The Washington Post

PM Update: Fewer clouds Friday, keeping comfortable

* Extreme heat impacts roads, rails, electronics and more *

For the sixth time this summer, Washington, D.C. reached at least 100 degrees. We may tack on a 7th Wednesday, with higher humidity levels to boot. Late day thunderstorms herald the start of a gradual cooling trend Thursday.

Through Tonight: A lack of cooling storms or much of a breeze make it one of the more suffocating evenings of the summer. Lows struggle to reach 80 in the city. Low-to-mid 70s are as “cool” as it gets in the outer suburbs. Winds are from the southwest around 5 mph.

Wednesday: Hot and oppressively humid. A heat advisory goes into effect at 11 a.m. and continues until 9 p.m. High temperatures head back up to near 100, with heat indices around 105. Late in the afternoon, but more likely into the evening, showers and thunderstorms are possible. These storms are likely to produce heavy rain and dangerous lightning. Damaging winds are a possibility in some of the storms. We will keep you posted.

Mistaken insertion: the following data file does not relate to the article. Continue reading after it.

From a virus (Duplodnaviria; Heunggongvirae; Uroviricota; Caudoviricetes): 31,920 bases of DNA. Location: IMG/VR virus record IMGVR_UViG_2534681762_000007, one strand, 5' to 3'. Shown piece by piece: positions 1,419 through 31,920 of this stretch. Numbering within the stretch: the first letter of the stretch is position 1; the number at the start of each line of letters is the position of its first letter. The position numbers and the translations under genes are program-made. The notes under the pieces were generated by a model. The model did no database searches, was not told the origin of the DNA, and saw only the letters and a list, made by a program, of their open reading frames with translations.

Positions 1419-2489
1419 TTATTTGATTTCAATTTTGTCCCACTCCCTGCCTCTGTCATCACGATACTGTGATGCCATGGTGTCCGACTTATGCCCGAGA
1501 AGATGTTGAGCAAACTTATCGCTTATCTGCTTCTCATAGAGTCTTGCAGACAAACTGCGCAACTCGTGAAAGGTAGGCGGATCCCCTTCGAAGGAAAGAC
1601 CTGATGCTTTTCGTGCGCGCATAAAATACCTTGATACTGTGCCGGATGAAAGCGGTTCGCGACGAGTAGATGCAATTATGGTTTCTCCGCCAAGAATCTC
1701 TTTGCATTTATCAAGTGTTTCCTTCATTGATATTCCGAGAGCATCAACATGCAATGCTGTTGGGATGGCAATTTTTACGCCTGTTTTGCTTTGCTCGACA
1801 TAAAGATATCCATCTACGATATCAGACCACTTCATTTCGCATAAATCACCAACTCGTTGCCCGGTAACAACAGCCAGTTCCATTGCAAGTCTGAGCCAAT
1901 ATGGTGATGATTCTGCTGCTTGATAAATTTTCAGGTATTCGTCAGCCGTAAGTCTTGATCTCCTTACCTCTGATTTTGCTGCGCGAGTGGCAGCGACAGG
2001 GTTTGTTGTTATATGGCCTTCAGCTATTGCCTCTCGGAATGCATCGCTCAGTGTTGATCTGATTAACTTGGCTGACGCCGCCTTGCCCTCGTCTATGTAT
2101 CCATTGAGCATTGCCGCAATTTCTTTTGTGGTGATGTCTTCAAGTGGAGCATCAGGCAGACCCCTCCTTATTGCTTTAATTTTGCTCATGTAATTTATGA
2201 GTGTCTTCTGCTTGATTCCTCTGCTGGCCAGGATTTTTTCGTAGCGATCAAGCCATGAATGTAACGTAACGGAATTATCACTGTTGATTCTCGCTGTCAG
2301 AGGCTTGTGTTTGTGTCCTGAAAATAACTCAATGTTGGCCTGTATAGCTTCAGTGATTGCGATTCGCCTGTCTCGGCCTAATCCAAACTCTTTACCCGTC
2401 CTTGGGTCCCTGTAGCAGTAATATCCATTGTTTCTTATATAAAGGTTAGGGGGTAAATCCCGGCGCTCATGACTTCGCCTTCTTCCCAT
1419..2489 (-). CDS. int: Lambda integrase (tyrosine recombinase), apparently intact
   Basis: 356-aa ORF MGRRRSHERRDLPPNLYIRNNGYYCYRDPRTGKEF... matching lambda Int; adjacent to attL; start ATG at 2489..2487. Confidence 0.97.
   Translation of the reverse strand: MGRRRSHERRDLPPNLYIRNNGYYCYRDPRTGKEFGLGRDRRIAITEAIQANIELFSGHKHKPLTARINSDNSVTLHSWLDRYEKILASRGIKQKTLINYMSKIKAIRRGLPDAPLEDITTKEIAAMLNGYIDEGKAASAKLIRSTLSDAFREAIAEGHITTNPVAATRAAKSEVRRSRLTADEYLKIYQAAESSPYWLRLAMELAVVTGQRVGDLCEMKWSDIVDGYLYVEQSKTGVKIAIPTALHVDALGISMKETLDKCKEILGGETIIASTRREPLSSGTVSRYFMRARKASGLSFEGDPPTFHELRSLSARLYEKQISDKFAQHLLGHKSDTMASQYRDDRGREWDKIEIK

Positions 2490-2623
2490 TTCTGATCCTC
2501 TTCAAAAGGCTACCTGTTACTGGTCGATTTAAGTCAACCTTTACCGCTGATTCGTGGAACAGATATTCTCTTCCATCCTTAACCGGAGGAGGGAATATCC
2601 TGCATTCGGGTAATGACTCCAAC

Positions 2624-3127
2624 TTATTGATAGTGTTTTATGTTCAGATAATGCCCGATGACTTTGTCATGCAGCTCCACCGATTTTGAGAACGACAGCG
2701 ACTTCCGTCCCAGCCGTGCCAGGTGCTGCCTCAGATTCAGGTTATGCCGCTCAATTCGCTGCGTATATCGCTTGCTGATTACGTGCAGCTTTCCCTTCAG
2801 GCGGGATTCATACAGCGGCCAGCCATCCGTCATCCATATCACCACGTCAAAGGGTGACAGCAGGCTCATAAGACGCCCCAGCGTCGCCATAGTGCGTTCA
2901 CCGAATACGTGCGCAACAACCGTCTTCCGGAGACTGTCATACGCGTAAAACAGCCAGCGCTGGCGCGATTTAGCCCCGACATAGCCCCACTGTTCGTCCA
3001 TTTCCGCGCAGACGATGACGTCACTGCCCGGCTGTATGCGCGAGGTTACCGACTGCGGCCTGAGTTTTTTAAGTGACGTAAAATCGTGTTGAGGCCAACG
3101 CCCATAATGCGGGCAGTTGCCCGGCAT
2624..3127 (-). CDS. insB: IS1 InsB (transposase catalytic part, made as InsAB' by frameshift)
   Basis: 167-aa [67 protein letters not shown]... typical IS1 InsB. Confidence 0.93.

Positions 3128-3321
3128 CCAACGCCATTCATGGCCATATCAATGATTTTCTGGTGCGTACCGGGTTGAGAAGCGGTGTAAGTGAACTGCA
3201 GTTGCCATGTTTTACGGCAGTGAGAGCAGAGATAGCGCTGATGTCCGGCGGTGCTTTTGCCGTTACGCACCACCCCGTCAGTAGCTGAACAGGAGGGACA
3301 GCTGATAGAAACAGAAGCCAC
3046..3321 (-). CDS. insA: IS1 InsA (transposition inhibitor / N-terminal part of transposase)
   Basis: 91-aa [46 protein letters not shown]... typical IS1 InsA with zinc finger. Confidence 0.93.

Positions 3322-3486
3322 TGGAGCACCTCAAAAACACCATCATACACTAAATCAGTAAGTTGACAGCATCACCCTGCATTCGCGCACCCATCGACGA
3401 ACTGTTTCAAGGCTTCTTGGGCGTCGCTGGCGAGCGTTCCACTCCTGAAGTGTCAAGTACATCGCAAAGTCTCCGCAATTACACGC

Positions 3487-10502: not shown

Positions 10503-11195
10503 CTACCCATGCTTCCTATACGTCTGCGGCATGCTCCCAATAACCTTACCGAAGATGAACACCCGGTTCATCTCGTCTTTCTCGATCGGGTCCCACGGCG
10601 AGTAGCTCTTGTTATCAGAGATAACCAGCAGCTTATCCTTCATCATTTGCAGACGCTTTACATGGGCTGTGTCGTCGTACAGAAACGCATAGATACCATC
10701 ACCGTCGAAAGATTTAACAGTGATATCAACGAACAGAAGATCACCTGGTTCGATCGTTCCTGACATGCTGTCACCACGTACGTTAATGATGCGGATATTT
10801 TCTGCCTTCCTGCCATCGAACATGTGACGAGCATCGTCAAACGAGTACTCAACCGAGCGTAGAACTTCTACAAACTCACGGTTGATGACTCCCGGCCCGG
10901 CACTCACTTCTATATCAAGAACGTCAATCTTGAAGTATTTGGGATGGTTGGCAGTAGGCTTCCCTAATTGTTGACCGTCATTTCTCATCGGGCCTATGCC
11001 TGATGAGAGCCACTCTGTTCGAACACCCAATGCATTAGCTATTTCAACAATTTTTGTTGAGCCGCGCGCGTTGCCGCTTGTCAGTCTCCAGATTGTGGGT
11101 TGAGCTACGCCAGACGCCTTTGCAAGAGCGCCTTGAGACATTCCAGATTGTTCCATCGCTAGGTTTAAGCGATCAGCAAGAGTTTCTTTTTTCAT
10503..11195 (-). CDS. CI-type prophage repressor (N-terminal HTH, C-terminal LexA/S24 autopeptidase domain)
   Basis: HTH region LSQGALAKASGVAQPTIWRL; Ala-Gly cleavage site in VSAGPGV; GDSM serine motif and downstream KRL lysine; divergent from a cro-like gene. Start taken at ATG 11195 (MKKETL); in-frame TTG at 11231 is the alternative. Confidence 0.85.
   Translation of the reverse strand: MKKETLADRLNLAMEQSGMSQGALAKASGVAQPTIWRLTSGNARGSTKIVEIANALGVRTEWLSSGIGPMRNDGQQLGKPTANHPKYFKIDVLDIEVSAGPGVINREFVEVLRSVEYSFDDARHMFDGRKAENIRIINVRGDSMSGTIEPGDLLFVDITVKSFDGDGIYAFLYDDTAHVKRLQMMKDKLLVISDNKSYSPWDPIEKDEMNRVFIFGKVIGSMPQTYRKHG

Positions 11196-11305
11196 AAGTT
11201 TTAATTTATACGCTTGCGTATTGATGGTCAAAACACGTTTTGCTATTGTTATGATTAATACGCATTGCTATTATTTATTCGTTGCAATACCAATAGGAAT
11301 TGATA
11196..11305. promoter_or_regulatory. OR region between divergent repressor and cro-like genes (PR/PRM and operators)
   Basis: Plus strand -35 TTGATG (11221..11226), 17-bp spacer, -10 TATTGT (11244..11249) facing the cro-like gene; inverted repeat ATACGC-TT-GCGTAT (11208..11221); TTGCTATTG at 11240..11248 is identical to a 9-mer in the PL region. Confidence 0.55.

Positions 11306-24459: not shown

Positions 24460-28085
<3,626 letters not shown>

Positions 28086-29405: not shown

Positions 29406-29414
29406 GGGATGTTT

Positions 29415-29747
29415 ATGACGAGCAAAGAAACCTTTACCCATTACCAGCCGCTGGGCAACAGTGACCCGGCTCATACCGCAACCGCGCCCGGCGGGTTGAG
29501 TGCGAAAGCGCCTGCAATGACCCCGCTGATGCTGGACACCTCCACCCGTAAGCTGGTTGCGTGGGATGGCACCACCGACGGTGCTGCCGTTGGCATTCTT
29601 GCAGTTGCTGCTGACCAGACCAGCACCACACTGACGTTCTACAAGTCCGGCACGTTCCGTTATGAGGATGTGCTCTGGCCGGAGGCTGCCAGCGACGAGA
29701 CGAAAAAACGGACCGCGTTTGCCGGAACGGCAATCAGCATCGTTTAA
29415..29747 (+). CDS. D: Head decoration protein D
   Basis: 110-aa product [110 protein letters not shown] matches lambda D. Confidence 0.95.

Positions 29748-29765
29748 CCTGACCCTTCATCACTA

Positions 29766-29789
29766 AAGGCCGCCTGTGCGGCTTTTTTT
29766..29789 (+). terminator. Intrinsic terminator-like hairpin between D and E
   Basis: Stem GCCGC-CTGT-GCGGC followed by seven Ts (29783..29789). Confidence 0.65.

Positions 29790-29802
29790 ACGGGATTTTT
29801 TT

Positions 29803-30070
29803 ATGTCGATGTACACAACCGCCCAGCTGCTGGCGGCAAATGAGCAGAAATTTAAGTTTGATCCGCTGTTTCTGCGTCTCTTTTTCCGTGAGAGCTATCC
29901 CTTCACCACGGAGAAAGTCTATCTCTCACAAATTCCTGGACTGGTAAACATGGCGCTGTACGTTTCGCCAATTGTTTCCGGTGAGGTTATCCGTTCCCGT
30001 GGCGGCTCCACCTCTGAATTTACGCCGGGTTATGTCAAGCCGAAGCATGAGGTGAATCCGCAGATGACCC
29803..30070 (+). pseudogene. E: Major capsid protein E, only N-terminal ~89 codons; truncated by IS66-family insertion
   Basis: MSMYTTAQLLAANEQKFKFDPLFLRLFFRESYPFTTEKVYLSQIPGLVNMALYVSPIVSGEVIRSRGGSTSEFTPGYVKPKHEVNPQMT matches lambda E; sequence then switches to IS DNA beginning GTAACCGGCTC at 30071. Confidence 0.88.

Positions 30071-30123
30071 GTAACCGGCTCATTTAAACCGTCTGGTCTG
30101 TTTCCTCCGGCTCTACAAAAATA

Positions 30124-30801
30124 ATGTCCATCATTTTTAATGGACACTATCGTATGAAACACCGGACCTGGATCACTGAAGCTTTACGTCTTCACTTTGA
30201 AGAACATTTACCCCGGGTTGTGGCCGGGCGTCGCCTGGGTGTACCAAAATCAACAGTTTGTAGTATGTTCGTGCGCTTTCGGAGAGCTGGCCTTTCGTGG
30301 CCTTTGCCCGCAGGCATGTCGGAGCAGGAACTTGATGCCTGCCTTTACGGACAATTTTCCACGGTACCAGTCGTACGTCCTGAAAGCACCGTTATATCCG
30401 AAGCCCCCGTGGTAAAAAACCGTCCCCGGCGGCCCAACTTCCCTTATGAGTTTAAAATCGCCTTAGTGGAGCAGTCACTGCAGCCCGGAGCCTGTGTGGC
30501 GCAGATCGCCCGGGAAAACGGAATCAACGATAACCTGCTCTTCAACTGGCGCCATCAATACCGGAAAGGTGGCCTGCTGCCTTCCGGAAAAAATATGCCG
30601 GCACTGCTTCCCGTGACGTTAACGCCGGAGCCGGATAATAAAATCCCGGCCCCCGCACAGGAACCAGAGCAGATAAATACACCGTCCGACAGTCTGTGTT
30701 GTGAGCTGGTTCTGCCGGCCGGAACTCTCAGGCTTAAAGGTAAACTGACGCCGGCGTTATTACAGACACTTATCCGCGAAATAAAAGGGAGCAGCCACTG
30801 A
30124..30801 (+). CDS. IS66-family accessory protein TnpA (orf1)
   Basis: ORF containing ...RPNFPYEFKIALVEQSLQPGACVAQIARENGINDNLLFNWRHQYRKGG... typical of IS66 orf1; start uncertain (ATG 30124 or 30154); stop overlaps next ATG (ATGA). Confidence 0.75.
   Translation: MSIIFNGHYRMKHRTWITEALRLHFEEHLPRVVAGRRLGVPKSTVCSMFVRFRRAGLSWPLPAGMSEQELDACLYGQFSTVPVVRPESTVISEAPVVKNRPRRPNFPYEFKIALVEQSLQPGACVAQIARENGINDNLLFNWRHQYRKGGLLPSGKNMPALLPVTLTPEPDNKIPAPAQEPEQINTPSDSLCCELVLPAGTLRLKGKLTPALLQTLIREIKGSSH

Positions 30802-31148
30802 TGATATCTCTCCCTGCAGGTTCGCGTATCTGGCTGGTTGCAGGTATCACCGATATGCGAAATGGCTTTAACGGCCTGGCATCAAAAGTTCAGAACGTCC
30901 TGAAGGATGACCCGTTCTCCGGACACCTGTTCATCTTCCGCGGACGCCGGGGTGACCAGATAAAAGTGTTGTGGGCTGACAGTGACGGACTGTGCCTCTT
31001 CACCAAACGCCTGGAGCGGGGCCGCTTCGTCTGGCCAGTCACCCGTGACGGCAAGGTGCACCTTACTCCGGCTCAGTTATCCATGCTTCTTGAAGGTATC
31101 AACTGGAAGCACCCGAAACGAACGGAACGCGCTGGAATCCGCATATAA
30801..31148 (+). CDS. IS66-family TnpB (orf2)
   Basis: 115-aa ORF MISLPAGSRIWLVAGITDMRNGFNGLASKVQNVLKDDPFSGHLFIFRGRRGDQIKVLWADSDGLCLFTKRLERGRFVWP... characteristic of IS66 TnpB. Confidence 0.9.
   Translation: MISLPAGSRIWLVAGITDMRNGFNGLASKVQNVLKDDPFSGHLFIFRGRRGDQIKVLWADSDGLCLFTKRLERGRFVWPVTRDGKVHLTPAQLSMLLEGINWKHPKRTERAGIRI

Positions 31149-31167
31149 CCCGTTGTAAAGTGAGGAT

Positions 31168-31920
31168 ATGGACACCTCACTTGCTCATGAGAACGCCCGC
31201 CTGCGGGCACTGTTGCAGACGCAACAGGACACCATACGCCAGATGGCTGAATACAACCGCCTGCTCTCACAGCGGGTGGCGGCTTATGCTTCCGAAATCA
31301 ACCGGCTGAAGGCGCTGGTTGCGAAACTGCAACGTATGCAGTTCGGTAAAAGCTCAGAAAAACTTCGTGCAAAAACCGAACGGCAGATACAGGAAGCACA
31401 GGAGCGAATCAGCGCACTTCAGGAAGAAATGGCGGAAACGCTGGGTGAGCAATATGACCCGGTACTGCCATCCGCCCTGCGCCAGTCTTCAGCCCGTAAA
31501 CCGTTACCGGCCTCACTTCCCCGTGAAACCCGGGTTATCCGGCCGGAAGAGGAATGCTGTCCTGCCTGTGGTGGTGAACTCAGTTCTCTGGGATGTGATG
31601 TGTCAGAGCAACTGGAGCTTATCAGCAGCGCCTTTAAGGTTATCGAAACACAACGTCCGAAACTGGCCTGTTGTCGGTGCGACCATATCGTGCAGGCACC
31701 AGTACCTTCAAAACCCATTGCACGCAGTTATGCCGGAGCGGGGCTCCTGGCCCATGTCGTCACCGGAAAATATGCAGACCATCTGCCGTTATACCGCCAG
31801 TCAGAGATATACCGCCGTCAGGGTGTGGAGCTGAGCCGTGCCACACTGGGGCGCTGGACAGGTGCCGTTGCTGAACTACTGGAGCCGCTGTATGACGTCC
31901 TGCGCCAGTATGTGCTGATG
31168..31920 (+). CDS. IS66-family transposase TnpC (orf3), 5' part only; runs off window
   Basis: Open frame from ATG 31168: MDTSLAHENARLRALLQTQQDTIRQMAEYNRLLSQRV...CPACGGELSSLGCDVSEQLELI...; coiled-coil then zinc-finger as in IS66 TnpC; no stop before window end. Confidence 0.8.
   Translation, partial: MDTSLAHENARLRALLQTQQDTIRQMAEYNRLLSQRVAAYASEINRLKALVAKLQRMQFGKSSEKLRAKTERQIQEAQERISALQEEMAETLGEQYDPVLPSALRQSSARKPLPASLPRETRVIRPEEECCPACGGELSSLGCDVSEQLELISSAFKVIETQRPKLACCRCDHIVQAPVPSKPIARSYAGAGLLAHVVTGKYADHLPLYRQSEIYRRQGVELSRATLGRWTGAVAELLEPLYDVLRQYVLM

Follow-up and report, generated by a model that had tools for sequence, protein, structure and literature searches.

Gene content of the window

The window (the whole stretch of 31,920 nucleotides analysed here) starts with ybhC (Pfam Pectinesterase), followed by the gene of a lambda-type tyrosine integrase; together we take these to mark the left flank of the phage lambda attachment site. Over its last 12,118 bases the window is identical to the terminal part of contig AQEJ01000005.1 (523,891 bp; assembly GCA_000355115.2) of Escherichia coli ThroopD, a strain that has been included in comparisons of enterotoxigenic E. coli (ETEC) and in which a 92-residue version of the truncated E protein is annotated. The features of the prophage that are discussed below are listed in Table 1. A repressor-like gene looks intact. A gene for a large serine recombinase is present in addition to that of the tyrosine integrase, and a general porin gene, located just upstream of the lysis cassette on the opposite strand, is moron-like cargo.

See Matt Rogers’ forecast through the weekend. And if you haven’t already, join us on Facebook and follow us on Twitter. For related traffic news, check out Dr. Gridlock.

100 degree days: This year’s 6 100+ days ties for third most on record in one year. The recordholder remains 1930 with 11 such days. In the last three summers, we’ve had 15 100+ days (5 in 2011, 4 in 2010). Consider that from 1993-2009, we had just 17 such days. (Information courtesy Ian Livingston and Justin Grieser)

Jason is the Washington Post’s weather editor and Capital Weather Gang's chief meteorologist. He earned a master's degree in atmospheric science, and spent 10 years as a climate change science analyst for the U.S. government. He holds the Digital Seal of Approval from the National Weather Association.

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